Blog > MyFBAPrep Interviews > Outsourcing and Process Optimization: A Chat With Yoni Kozminski of Escala

Outsourcing and Process Optimization: A Chat With Yoni Kozminski of Escala

In this video, Rachel Go chats with Yoni Kozminski, CEO & co-founder of Escala and MultiplyMii. Yoni shares his advice for hiring internationally, outsourcing various roles, and optimizing your eCommerce business processes to set yourself up for future and continuing success.

Yoni’s background

Rachel Andrea Go: Thank you, Yoni, for joining me. Yoni is the CEO and co-founder of Escala and also MultiplyMii. So, Yoni, to start off, can you share a little bit about your background and how it led to where you are today?

Yoni Kozminski: Absolutely, Rachel. Thanks for having me and [I’m] excited to be sat here with you. My journey into MultiplyMii and Escala started many years ago. I came from a creative advertising and digital marketing background working with some of the largest brands in the world from Mercedes-Benz to MasterCard, Snapchat, and Sony and many others, before finding my way into eventually an eCommerce—or, more specifically, an Amazon-focused business that was doing about two million in revenue.

That was where I met my co-founder, Lippy, and we were able to build an agency and systems for this Amazon business that enabled it to grow from two to five million dollars in revenue that subsequently was acquired by Thrasio. Now, the secret sauce of what was actually achieved there was two things: [It] was one, we looked at how typical Amazon business founders look at it and it’s, “Work harder, not smarter. How do I just keep putting in more hours?” And Lippy was the architect behind sort of the systems and design thinking around it. And what I brought to the table and what we achieved together was effectively building an agency for this business that was entirely built of Filipino talent that was at a comparable and, I would argue, even better level than the services that we delivering it with locally sourced talent in the U.S. and Australia, which is where I had worked with these large companies. So, that was the journey to MultiplyMii and Escala.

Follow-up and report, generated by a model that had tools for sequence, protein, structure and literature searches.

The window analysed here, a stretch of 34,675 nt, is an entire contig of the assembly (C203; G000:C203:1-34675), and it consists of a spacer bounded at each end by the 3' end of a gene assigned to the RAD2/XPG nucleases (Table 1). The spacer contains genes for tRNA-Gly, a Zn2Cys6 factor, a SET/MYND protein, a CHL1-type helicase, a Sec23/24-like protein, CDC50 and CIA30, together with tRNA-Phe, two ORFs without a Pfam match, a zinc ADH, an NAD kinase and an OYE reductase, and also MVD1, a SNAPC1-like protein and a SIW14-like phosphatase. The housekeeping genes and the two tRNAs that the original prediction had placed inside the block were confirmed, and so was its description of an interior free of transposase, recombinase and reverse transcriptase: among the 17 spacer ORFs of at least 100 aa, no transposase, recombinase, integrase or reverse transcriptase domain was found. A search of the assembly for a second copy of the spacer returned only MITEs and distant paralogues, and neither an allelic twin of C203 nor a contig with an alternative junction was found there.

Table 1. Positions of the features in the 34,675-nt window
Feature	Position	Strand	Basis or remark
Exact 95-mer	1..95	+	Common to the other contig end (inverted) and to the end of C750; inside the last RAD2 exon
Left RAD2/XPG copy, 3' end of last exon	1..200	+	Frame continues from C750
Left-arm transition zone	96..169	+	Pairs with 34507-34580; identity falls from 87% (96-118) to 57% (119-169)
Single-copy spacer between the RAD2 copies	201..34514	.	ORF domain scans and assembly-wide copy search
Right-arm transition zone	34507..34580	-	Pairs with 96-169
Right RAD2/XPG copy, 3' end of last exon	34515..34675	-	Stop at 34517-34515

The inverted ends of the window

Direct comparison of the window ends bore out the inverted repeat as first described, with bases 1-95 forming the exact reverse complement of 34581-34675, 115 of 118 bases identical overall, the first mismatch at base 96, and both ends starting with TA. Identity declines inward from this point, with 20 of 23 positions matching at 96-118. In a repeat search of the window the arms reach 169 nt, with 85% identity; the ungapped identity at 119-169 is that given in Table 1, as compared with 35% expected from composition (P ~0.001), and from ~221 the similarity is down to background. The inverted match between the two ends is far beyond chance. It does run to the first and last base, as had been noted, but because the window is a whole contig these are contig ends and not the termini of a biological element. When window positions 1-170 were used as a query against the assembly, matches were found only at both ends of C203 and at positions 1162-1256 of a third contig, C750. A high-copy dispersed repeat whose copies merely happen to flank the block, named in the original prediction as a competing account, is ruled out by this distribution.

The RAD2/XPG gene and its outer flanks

And, just to share, MultiplyMii is the byproduct of that business in that we now help find the top 5% of talent the Philippines has to offer in the form of recruitment for eCommerce businesses and beyond these days, and Escala is a process improvement management consultancy, which is really just a management consulting way of stating that what we do is we go into eCommerce businesses, we systemize them, we understand the processes, we improve on them, and then we build out the future state, the SOPs, the training videos, the documentation, the accountability charts, and we simply make these businesses run like they—like every founder dreams that they should.

Rachel Andrea Go: I know that MyFBAPrep has used Escala in the past, and I was just chatting with our ops manager. He mentioned that we’ve been really impressed with the professionalism of Escala and kind of what we got back.